Farmers' rights in India: a case study
The paper reveals that the Indian case provides important lessons for other countries in establishing Farmers’ Rights. It also demonstrates that difficult issues must be tackled to implement Farmers’ Rights. The fact that agreement on defining and implementing Farmers’ Rights has not emerged in India - even after establishing a law on Farmers’ Rights - should serve as a signal internationally that legislations alone is not sufficient.
The paper further recommends that:
- a global mechanism is urgently required to promote some level of consensus on defining and implementing Farmers’ Rights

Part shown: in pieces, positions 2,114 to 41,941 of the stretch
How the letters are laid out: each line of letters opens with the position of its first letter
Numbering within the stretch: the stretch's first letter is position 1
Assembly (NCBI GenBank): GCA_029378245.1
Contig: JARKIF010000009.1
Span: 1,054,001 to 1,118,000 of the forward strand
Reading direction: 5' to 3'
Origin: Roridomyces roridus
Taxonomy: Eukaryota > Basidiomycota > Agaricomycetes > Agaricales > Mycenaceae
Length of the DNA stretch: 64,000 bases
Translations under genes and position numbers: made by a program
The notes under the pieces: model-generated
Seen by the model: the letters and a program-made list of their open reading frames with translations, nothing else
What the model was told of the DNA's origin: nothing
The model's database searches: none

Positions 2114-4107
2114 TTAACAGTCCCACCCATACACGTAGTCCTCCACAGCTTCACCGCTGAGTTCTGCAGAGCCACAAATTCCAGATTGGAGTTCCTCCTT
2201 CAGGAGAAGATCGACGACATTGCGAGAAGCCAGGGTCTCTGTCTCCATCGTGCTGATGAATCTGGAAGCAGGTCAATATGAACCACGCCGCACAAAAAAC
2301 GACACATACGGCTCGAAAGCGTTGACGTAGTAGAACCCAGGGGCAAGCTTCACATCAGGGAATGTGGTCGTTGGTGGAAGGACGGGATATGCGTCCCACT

- Farmers’ Rights must also incorporate mechanisms to promote access and sharing of resources rather than only ownership rights
- farmers themselves must be seen as important stakeholders in policy making.
The paper sums up by warning that if we do not face up to the challenge of unambiguously articulating Farmers’ Rights, there is a risk that what has been achieved so far in establishing Farmers’ Rights could be lost.